AMERICAN FAMILIES of HISTORIC LINEAGE
LONG ISLAND EDITION
JAMES HARVEY DOXSEE
Fourth son of and eighth child of Archelaus and Sarah Smith Whitman-Doxsee, was born in Islip, Long Island, July 31, 1825. He was brought up on his father’s fertile and valuable farm, which his father had established as a homestead, and where his nine children were born, and which farm came into his possession. He was educated in the neighborhood schools conducted by Henry Brewster and Amos Doxsee, and spent one year at the Huntington High School. In 1848, when twenty three years old, his father died, and he continued the cultivation of the farm for his mother, and upon her death in 1870 he inherited the farm, which besides the homestead included four hundred acres of land. Besides his farming interests he established an extensive canning interest in 1865, which included the preparation of clams, found so abundantly on the southern shore of Long Island, for market, put up in various forms ready for domestic use. These products, known as, “Doxsee Pure Little Neck Clams”, and pure clam juice, clam chowder, etc., found market in all parts of the United States, and were largely exported. The capacity of the factory was over four hundred bushels of clams daily. In 1897 he established a branch at Ocracoke, North Carolina, of which his son was manager, and later the business was incorporated as J.H. Doxsee and Sons. He was vice president of the South side Bank at Bayshore, a Jeffersonian democrat, a leading Presbyterian and elder, treasurer and trustee of the church. Died august 4, 1907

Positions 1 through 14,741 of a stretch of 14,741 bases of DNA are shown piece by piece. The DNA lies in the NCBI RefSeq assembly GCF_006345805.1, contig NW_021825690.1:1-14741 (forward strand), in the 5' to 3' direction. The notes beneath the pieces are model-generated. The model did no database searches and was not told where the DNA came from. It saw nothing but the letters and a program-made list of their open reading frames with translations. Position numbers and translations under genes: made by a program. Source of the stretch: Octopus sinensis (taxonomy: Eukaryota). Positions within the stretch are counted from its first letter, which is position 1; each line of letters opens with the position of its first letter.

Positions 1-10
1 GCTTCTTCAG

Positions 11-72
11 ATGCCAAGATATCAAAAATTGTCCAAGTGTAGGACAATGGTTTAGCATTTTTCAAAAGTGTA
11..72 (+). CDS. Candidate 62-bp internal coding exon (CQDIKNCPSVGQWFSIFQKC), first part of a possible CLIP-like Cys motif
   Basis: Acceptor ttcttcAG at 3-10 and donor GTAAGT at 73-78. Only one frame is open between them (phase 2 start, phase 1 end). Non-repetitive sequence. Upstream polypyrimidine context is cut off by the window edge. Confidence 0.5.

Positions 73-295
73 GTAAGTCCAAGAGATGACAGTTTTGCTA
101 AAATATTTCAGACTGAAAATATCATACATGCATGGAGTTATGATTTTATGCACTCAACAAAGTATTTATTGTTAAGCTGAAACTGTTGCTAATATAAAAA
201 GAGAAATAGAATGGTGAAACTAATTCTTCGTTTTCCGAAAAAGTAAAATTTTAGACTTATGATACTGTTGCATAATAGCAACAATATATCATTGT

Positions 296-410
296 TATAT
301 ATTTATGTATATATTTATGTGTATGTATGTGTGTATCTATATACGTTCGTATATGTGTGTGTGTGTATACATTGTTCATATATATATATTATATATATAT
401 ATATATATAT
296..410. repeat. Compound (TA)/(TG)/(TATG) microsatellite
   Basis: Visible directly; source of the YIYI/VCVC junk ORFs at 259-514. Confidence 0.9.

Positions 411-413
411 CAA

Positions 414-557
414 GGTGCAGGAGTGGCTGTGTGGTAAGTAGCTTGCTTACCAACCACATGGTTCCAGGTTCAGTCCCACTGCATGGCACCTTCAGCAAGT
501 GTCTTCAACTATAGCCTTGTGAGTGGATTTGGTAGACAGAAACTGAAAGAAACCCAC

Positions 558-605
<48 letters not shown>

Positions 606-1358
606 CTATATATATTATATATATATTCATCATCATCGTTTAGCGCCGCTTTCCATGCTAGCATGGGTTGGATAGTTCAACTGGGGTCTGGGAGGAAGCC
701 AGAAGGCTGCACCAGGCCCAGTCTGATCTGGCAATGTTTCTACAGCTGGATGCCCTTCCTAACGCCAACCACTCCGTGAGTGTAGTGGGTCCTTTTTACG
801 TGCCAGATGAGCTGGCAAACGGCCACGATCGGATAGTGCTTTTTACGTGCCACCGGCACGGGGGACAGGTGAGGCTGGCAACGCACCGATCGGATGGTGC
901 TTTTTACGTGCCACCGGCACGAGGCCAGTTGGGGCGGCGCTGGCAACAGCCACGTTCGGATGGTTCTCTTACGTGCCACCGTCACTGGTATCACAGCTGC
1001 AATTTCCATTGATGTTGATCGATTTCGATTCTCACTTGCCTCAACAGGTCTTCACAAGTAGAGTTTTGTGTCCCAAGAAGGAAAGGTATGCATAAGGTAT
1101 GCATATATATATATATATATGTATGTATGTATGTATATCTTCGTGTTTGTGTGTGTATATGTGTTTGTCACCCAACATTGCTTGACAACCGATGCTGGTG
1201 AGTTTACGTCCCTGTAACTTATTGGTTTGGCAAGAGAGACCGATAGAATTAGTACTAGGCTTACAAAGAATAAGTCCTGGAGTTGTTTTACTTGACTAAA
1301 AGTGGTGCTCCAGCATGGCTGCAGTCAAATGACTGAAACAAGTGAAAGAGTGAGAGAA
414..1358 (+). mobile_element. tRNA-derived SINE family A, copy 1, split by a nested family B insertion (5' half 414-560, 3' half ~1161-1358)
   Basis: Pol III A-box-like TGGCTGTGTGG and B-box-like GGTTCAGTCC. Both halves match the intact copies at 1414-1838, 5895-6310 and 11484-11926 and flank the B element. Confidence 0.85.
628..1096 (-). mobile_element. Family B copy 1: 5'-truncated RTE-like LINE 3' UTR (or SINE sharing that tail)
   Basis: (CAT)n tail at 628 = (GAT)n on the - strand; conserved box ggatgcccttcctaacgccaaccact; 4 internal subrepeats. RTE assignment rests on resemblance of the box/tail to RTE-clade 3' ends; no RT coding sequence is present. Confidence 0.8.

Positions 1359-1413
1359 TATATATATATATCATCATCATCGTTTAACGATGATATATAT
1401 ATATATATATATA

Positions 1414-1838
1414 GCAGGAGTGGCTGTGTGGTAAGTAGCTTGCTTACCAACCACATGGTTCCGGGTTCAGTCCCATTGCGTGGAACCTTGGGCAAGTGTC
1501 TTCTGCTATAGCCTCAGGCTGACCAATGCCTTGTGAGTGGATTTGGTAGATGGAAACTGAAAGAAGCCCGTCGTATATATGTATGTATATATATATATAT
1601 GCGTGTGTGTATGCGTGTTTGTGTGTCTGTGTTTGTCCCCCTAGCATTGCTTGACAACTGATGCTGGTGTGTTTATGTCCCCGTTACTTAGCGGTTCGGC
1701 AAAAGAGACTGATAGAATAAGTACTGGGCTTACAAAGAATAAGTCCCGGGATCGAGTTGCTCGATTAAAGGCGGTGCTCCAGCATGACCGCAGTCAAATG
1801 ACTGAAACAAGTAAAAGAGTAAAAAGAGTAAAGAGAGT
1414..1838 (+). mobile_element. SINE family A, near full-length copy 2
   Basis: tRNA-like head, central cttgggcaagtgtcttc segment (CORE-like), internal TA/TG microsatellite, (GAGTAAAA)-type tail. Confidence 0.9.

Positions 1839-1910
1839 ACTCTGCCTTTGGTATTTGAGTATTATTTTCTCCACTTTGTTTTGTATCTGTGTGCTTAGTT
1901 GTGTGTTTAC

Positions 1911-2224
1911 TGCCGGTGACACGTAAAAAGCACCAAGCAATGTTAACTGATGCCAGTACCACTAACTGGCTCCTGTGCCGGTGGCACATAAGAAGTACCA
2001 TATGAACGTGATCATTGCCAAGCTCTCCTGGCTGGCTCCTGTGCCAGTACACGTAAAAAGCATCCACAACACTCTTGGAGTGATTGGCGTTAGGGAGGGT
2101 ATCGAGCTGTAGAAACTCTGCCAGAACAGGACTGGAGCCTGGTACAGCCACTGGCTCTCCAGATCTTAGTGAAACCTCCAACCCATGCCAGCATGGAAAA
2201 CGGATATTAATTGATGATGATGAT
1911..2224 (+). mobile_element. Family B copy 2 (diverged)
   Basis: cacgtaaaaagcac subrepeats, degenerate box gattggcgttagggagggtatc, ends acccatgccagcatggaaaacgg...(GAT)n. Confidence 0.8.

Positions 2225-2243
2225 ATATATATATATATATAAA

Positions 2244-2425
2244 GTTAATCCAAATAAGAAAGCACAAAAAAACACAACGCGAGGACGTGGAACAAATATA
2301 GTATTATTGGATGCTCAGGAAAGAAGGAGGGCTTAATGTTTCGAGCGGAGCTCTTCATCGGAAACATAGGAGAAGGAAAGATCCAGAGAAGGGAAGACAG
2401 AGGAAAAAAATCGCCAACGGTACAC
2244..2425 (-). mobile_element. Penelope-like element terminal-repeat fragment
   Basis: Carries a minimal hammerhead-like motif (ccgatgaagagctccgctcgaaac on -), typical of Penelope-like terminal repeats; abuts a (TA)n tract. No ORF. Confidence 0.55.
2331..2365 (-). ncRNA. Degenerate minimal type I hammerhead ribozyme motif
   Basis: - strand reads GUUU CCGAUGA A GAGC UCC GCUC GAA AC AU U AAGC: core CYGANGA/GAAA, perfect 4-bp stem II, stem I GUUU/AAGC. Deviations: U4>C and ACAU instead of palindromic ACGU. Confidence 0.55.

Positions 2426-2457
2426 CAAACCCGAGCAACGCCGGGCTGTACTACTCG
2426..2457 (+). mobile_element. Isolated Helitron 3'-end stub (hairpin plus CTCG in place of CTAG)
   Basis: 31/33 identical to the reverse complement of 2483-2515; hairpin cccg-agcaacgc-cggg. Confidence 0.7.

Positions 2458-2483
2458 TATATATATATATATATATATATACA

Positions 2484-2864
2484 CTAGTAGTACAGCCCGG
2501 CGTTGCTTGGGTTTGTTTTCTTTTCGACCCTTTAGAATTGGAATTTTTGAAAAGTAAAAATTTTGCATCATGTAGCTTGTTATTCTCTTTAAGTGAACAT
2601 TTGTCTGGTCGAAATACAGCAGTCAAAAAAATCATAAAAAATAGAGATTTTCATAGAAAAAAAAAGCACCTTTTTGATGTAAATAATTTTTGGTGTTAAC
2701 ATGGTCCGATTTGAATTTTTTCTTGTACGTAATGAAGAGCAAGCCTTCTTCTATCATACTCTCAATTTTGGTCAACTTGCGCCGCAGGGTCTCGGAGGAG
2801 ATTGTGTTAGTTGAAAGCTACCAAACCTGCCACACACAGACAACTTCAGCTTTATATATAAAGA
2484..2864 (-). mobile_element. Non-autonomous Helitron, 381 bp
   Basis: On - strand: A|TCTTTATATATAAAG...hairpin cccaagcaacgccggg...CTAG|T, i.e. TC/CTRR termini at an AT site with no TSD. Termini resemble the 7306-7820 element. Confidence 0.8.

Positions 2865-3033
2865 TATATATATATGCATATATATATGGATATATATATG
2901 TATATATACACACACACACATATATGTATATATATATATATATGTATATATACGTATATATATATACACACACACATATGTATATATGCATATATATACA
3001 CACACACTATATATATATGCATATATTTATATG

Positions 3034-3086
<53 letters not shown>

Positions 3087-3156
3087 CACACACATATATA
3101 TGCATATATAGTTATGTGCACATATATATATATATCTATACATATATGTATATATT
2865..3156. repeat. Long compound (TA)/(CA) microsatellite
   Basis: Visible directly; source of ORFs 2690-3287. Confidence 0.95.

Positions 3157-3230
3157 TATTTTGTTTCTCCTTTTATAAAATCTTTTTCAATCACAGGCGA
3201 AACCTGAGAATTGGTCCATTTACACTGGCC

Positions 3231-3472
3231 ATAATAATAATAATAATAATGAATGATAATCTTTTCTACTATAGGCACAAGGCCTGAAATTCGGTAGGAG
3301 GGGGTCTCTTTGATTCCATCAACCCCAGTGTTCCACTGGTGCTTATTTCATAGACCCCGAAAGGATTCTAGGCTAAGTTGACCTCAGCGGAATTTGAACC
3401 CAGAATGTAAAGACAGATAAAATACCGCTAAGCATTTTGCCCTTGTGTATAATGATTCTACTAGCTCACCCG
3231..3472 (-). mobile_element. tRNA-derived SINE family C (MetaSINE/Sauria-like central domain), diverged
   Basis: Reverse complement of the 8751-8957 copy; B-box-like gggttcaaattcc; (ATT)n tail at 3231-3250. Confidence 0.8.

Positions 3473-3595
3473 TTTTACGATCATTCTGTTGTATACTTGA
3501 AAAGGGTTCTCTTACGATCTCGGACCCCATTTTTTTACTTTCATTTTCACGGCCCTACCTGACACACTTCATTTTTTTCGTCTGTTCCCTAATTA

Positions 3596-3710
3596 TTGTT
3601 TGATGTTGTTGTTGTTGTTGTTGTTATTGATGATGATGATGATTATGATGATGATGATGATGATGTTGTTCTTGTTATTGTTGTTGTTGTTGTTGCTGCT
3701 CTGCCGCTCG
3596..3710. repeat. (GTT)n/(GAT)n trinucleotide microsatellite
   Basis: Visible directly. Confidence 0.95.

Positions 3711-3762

LONG ISLAND EDITION
PORTRAIT AND BIOGRAPHICAL RECORD
JAMES H. DOXSEE
This name is identified with the village of Islip, thousands knowing of the existence of this place only by the fact that from it is sent forth that unique but valuable article known as Doxsees Pure Little Neck Clam Juice. This is a business that has been built up from the most modest beginnings, until now Doxsees Pure Little Neck Clam Juice, Little Neck Clams and Chowder are handled by nearly all wholesale and retail grocers in the United States. These invaluable preparations are highly recommended by medical men, both for the purity of their manufacture, and their wholesome character as a food. Some of the most prominent physicians of Long Island have not hesitated to affix their names to unqualified endorsements of these articles, which are used in their family practice.